Syrian opposition: No ISIS cease-fire

Reports that the Syrian moderate opposition has entered into a cease-fire with the Islamic State in Iraq and Syria (ISIS) in a Damascus suburb are not true, according to Syrian National Coalition officials.

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"Not a single" U.S.-vetted rebel group has entered into a truce with ISIS, an unidentified senior Syrian National Coalition official told The Hill on Saturday.

Any such deal between moderate Syrian opposition forces and ISIS could derail congressional support for President Obama's plan to train and equip the Syrian forces -- a key tenet of the president's strategy against ISIS.

The Agence-France Press news agency had reported Friday that the Syrian Observatory for Human Rights said a cease-fire deal was struck between ISIS and "moderate and Islamist rebels in Hajar al-Aswad," south of Damascus for the first time.

Under the deal, "the two parties will respect a truce until a final solution is found and they promise not to attack each other," AFP's report said.

But the Syrian National Coalition senior official said there was only a 24-hour truce between ISIS and a Free Syrian Army brigade called the "Sons of the Golan" in that same area on Friday in order to allow both sides to retrieve bodies of those killed.

The official said the cease-fire was temporary and did not last 24 hours, adding that fighting has resumed.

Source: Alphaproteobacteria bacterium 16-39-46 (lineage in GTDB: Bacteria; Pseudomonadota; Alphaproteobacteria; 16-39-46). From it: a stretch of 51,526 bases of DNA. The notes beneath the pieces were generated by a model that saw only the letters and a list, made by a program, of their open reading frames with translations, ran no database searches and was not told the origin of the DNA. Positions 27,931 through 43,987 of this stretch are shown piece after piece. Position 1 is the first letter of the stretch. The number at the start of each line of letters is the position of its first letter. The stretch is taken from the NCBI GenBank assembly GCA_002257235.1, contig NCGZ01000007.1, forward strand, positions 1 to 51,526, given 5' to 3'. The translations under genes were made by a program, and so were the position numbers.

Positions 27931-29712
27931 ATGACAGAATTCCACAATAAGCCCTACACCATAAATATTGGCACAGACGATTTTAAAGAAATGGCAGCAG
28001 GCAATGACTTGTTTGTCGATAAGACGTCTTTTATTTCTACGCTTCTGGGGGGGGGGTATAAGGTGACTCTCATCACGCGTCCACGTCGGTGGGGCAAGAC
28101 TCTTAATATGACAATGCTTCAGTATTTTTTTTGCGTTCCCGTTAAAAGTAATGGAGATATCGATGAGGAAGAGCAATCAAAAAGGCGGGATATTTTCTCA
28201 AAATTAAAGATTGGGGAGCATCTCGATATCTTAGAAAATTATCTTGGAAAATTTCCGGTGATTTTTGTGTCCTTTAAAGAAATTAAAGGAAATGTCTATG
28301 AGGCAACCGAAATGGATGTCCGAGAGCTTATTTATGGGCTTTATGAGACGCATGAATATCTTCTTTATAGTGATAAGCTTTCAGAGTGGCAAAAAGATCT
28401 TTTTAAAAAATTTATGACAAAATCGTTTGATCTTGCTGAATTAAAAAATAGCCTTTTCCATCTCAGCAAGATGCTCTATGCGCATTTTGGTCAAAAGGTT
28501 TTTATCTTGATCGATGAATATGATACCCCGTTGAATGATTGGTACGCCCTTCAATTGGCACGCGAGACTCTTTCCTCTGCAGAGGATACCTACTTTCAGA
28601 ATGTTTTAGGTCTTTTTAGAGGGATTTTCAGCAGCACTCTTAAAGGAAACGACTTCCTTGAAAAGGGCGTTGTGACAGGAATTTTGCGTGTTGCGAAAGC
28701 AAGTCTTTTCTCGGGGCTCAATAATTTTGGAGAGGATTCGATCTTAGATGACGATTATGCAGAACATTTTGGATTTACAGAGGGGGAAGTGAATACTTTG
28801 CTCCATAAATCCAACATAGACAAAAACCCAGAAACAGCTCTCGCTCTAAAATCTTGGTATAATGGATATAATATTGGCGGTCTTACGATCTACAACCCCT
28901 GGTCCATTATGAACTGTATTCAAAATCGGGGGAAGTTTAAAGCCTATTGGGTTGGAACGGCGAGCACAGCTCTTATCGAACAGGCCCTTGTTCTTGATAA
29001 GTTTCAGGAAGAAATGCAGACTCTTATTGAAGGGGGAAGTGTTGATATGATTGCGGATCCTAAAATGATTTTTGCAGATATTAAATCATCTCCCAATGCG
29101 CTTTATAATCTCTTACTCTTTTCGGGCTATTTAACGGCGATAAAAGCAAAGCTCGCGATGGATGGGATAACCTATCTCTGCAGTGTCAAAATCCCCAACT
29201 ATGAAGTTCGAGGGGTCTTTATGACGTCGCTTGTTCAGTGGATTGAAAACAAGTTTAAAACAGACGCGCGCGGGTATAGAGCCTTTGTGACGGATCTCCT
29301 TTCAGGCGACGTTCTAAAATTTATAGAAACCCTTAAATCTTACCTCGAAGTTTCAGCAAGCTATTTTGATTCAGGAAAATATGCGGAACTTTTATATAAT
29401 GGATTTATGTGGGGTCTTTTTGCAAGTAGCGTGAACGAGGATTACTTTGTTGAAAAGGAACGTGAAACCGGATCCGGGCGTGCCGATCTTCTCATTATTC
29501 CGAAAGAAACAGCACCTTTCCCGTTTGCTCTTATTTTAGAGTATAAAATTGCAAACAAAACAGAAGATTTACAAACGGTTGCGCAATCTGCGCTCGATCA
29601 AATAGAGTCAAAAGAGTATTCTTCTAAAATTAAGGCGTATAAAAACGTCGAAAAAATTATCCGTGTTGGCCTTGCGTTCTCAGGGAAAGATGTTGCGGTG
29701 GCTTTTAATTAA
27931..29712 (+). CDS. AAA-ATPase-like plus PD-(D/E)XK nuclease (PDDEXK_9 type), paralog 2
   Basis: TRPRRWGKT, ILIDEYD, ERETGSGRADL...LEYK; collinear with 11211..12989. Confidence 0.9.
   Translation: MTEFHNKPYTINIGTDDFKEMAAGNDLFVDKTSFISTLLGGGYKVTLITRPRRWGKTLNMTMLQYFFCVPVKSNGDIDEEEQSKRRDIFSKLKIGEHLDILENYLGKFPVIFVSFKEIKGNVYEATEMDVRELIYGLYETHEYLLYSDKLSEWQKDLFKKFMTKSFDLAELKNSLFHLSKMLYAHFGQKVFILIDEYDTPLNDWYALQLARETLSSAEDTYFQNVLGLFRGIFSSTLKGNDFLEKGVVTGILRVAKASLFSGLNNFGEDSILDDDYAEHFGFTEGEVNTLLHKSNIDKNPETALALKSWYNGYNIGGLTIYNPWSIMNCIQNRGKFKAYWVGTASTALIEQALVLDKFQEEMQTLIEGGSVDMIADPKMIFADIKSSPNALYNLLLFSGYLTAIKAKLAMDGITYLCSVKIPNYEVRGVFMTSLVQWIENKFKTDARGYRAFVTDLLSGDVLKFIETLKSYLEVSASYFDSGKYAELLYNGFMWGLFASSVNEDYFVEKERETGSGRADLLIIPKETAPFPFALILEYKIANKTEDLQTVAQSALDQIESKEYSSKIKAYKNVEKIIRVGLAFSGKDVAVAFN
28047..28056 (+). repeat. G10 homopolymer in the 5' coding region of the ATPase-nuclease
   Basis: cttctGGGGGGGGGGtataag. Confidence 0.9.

However, the official said he only spoke on behalf of the U.S.-vetted brigades fighting under the Free Syrian Army -- the military organization under the U.S.-backed Syrian National Coalition -- and not for any non-vetted groups.

But, the official said, "what matters is the vetted groups," since non-vetted groups would not receive U.S. training and weapons.

"FSA commanders declared that they will continue that fight until ISIS is completely eradicated in Damascus suburbs. No truce or cease fire with ISIS," added Syrian National Coalition spokesman Monzer Abkik.

Still, the reports did nothing to allay the fears of lawmakers who are preparing for a potential vote on whether to approve the plan before Congress convenes for recess.

Some lawmakers are concerned the weapons provided to the moderate Syrian opposition could fall into ISIS's hands.

Other lawmakers distrust the rebels.

Steven Sotloff, one of American journalists beheaded by ISIS, was believed to have been captured by moderate rebels in Syria, then sold to ISIS.

A vote on a short-term spending bill was delayed last week after the White House asked House Republicans to attach the authorization to the bill.

It’s also possible GOP leaders might decide to hold a separate vote on the authorization to equip the rebels.

The Hill was not able to immediately reach the Syrian Observatory for Human Rights after several requests for more information on its original report on the ceasefire.